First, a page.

Security through obscurity

Software security is always a topic of concern. The concept of Security through obscurity has already been criticized for a long time. This concept believes that the system is secure until the vulnerabilities are hidden and not known to the attackers.


This approach gives false hope of safety when, in reality, the underlying systems are susceptible to attacks. You never know when the vulnerability is exposed, and you have no time left to fix the problem.


Software security, especially in the banking industry is critical. The banks should follow a proactive approach rather than reacting to the problems exposed.

White hat hacking is the cool name for hiring hackers to detect any vulnerability of the system before being detected by the attackers.

This reminds me of an incident which happened while I was working with a large banking product. We were developing the product, and one of the available security feature was encrypting the URL parameters.

Encryption helped to prevent any data being logged or tracked by the middle-men or network teams. As per the development team, this requirement was complete and ready for testing. All the urls had some random string in them e.g.


http://www.example.com/params=afdh3sf345tfdjh45jf35h&fsh2ohg=fh@

We hired some white hat hackers to test our product, to proactively find out any problems in our system.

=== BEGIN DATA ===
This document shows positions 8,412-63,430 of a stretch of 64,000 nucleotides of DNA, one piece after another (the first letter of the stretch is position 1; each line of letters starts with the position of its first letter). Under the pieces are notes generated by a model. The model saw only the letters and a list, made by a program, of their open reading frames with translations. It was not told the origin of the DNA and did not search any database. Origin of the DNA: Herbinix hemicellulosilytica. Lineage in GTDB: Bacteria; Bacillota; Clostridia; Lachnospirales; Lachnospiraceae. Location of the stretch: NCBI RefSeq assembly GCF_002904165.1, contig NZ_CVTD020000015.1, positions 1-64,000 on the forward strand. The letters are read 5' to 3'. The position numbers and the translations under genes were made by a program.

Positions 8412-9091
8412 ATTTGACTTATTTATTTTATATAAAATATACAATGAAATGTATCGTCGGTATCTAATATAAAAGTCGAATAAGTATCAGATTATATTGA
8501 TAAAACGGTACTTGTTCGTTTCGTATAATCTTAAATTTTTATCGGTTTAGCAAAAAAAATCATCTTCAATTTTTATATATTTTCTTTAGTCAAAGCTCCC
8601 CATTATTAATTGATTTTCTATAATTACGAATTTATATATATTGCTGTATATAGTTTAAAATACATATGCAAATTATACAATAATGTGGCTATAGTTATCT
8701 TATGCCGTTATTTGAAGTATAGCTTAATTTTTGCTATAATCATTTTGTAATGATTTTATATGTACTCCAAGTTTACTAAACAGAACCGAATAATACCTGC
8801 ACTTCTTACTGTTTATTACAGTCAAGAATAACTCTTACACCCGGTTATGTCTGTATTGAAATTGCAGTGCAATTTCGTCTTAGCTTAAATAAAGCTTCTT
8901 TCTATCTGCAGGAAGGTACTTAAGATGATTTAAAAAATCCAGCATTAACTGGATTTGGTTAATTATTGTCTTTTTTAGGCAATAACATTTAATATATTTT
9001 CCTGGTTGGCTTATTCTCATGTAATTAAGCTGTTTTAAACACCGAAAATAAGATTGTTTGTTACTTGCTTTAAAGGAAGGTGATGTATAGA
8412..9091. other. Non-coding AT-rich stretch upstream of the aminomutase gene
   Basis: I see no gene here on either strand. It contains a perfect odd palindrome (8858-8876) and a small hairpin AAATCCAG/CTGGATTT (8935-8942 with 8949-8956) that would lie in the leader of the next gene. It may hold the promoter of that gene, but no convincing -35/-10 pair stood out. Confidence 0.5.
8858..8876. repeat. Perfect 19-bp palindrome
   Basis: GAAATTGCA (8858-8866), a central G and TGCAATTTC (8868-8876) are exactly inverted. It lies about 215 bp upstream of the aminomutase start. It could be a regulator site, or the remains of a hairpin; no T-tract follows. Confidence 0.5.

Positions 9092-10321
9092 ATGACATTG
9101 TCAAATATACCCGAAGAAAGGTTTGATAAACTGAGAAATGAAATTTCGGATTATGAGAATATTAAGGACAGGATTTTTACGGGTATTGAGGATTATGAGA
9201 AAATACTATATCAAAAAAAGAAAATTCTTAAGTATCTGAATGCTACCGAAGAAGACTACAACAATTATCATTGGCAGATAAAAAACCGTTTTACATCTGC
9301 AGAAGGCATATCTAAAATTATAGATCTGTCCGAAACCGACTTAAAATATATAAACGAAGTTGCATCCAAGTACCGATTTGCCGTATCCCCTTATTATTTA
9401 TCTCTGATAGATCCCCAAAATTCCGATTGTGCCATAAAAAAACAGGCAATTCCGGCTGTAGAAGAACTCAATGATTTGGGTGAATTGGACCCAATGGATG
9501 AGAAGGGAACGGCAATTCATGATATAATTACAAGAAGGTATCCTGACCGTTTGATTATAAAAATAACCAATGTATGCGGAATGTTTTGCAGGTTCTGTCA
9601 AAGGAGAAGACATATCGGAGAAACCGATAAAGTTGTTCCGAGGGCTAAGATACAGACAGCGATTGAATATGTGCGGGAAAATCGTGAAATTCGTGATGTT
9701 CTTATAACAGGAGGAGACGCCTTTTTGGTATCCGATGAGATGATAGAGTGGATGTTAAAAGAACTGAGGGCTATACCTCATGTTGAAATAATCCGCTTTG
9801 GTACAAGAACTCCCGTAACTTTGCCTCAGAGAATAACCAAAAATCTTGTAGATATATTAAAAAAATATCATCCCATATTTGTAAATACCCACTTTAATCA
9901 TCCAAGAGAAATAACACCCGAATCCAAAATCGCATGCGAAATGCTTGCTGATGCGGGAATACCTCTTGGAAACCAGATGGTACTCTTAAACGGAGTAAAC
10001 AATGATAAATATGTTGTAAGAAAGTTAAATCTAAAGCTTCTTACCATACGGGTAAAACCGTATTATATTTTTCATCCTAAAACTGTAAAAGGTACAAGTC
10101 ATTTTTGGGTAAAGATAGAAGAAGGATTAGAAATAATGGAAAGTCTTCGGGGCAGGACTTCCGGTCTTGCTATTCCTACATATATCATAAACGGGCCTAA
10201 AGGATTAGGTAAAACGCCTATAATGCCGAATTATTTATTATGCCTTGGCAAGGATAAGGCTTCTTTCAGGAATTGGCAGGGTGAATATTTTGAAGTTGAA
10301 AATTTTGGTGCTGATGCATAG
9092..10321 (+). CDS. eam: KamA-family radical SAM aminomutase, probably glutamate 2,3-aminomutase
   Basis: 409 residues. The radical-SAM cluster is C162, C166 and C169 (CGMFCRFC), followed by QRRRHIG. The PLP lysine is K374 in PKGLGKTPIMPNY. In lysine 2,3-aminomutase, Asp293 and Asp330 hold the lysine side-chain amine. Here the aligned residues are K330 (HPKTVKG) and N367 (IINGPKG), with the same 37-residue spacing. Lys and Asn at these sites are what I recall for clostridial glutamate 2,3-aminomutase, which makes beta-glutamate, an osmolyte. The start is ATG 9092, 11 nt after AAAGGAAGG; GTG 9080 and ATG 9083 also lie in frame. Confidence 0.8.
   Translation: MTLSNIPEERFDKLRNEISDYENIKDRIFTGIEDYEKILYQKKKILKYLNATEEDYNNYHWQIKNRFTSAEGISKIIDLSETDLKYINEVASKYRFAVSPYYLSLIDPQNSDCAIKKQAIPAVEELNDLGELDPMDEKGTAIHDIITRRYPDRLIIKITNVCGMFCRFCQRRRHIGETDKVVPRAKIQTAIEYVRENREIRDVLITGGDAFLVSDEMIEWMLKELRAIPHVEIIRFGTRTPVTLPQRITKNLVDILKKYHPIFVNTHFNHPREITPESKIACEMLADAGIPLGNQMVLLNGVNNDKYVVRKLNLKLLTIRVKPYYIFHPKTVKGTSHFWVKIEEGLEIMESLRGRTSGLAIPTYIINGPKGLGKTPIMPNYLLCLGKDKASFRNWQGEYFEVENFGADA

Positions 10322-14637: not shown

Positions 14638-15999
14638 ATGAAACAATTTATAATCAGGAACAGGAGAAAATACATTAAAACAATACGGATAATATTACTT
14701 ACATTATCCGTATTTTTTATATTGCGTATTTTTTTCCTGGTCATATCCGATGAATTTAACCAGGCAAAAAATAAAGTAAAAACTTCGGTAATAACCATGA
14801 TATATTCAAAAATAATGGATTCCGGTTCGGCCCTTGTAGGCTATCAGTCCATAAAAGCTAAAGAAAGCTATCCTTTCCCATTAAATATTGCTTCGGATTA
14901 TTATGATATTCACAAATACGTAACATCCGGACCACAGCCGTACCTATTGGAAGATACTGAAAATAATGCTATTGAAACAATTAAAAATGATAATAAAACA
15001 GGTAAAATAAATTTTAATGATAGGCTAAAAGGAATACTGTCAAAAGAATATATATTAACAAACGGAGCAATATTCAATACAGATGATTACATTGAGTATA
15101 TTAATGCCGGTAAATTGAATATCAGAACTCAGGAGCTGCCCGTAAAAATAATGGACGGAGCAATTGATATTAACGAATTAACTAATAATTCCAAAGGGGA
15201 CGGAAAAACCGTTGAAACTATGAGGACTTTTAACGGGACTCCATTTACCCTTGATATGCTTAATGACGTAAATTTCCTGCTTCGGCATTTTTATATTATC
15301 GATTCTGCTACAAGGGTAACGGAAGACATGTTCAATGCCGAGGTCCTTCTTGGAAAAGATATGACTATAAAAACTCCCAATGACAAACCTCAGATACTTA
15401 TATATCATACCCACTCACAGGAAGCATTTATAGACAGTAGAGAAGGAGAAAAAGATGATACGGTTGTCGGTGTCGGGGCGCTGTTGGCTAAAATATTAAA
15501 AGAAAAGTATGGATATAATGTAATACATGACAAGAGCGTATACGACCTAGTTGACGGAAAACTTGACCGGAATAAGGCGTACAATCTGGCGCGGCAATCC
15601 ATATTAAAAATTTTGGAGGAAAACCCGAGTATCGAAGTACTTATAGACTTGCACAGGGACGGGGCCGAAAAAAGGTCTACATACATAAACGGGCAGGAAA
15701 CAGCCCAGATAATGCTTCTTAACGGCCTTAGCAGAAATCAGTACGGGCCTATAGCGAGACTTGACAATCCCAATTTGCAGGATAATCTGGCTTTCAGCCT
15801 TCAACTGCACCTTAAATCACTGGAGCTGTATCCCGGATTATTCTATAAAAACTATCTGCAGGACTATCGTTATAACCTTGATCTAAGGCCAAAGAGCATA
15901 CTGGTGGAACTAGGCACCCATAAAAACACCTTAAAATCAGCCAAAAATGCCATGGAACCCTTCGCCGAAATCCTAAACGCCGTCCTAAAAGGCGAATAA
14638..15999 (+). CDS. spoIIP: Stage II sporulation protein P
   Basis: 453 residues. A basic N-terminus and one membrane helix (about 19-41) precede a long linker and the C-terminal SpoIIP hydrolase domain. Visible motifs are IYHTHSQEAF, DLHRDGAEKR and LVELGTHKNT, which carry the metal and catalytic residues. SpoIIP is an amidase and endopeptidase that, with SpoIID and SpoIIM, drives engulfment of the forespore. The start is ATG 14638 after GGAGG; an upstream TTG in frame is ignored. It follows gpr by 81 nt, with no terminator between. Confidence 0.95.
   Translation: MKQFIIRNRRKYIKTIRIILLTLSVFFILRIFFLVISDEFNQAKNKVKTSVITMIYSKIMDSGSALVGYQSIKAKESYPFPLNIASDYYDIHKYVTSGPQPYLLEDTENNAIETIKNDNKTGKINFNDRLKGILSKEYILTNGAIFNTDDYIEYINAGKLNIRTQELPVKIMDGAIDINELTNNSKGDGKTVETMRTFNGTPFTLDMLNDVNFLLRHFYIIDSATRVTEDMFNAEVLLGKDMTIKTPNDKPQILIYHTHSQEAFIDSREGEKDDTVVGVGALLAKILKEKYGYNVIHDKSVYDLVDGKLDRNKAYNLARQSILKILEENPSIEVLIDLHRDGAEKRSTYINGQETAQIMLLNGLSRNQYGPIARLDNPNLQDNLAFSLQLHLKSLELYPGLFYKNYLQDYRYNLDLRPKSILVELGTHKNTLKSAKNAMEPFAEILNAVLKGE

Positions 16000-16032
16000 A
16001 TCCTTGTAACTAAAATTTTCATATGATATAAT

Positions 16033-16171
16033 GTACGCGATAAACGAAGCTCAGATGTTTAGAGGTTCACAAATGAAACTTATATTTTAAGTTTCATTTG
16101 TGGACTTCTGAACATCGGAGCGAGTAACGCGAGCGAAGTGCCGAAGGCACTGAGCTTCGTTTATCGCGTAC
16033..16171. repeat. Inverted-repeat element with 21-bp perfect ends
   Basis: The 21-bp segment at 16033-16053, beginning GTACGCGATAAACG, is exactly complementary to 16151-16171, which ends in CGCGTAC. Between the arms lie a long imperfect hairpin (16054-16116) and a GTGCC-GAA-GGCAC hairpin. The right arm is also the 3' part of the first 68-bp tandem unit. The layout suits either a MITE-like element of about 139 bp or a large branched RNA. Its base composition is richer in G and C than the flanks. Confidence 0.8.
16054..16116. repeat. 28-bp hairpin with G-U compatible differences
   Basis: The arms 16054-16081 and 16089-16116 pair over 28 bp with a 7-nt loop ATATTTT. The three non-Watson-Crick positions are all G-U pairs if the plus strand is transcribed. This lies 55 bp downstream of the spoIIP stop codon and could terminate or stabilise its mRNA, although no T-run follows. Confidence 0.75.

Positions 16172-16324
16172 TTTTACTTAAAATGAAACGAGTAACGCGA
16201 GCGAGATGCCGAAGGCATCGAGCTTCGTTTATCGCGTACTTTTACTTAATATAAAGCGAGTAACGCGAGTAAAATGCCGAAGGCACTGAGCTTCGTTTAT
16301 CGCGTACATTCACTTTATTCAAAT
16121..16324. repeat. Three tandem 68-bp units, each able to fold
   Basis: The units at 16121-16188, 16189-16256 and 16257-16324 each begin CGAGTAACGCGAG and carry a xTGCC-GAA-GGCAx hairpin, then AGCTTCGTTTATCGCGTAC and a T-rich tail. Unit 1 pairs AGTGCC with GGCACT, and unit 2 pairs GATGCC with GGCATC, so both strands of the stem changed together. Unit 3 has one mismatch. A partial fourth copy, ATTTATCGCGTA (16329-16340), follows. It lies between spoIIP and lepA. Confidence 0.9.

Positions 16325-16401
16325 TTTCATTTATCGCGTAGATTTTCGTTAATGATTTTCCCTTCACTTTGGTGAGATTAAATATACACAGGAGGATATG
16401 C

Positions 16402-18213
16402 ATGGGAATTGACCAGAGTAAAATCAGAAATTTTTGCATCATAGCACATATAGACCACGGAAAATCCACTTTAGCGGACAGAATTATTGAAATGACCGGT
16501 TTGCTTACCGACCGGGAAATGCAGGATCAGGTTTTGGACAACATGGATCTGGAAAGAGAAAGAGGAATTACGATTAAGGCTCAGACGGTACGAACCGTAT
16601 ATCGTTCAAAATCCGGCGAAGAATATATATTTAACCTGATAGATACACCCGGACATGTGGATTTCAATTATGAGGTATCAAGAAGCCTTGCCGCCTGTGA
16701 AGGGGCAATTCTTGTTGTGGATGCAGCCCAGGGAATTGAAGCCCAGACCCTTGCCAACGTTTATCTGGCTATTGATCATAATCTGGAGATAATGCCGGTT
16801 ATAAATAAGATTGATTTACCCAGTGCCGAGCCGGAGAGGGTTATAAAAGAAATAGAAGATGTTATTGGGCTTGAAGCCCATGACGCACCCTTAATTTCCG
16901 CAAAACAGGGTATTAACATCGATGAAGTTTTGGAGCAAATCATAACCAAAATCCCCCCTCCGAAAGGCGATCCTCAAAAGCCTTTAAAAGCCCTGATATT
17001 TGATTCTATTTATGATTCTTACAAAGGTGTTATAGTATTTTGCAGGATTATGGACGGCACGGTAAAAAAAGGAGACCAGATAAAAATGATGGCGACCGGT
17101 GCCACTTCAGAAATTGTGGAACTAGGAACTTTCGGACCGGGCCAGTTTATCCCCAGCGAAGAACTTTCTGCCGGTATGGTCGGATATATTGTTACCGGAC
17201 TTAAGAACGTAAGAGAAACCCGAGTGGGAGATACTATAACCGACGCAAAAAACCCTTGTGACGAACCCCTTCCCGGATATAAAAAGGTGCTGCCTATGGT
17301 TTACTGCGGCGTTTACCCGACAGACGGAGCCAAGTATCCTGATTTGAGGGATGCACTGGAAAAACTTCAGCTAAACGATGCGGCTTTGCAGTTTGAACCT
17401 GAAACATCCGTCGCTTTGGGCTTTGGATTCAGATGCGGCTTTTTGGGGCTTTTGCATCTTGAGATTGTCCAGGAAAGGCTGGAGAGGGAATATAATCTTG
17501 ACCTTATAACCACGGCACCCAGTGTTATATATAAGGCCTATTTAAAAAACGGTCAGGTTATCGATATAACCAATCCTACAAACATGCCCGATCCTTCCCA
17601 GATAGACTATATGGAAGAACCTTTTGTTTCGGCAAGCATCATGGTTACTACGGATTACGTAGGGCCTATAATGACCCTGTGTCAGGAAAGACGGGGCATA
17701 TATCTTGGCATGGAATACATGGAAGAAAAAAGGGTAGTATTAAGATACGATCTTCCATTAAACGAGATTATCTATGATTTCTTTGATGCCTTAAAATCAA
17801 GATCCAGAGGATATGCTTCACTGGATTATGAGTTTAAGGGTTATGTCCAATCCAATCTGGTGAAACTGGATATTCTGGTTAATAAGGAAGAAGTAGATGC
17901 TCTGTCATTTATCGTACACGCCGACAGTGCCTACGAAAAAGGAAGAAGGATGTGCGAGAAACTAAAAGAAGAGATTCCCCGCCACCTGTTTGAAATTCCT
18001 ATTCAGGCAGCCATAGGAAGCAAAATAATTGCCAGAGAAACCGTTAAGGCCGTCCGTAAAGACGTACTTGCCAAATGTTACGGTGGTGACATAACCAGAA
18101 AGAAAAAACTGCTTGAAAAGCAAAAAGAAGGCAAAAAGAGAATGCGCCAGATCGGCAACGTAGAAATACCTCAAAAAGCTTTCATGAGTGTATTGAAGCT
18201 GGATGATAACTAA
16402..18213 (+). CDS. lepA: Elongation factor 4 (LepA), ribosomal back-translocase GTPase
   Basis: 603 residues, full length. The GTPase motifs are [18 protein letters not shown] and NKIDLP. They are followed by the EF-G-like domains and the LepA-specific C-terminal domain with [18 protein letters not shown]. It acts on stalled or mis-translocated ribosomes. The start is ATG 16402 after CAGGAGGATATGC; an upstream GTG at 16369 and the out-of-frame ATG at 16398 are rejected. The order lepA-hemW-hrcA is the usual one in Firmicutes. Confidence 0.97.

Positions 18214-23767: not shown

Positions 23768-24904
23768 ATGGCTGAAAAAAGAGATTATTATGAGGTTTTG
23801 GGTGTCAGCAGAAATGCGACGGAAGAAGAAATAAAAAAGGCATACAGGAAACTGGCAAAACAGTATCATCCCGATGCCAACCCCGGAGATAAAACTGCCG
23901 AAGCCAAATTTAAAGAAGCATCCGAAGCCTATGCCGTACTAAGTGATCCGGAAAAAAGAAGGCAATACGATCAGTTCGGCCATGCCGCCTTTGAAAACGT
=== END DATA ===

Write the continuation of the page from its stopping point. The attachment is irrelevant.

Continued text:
One of the problems raised by the team was that our encryption logic was not proper. Their concern was a set of characters were being repeated in every URL, and hence the logic of encrypting the URL parameters is not correct.


I spent a few days trying to test and simulate the issue in our encryption engine. I wasn’t even able to reproduce the issue, rather than fix the problem.


Then I discussed with the tester to understand more details about the problem. He told me that a specific set of characters was repeating in every URL. On observing the set of characters which were repeating, I randomly did a full-text search for those characters.


And yes, I found it. The root cause of the problem: a lazy developer, who did not want to use encryption engine in order to save some performance. So he named the variable with random characters (and also the values that he intended to give) rather than going through the encryption engine.
He preferred to encrypt his parameters by obscurity. No other human apart from himself was aware of his mischief. He believed that nobody will ever come to know that the URL parameters are not being encrypted.
Technical people will understand the following structure of the URL
http://www.example.com/params=afdh3sf345tfdjh45jf35h & fsh2ohg = fh@
It is easier to fool humans, but the automated tools bring out such vulnerabilities and help fix the issues.
That was a moment of a hearty laugh.

Published by

Mohit Kanwar

I am a software consultant. I design and develop web applications. I can coach teams to deliver good quality software, which is scalable and strong.

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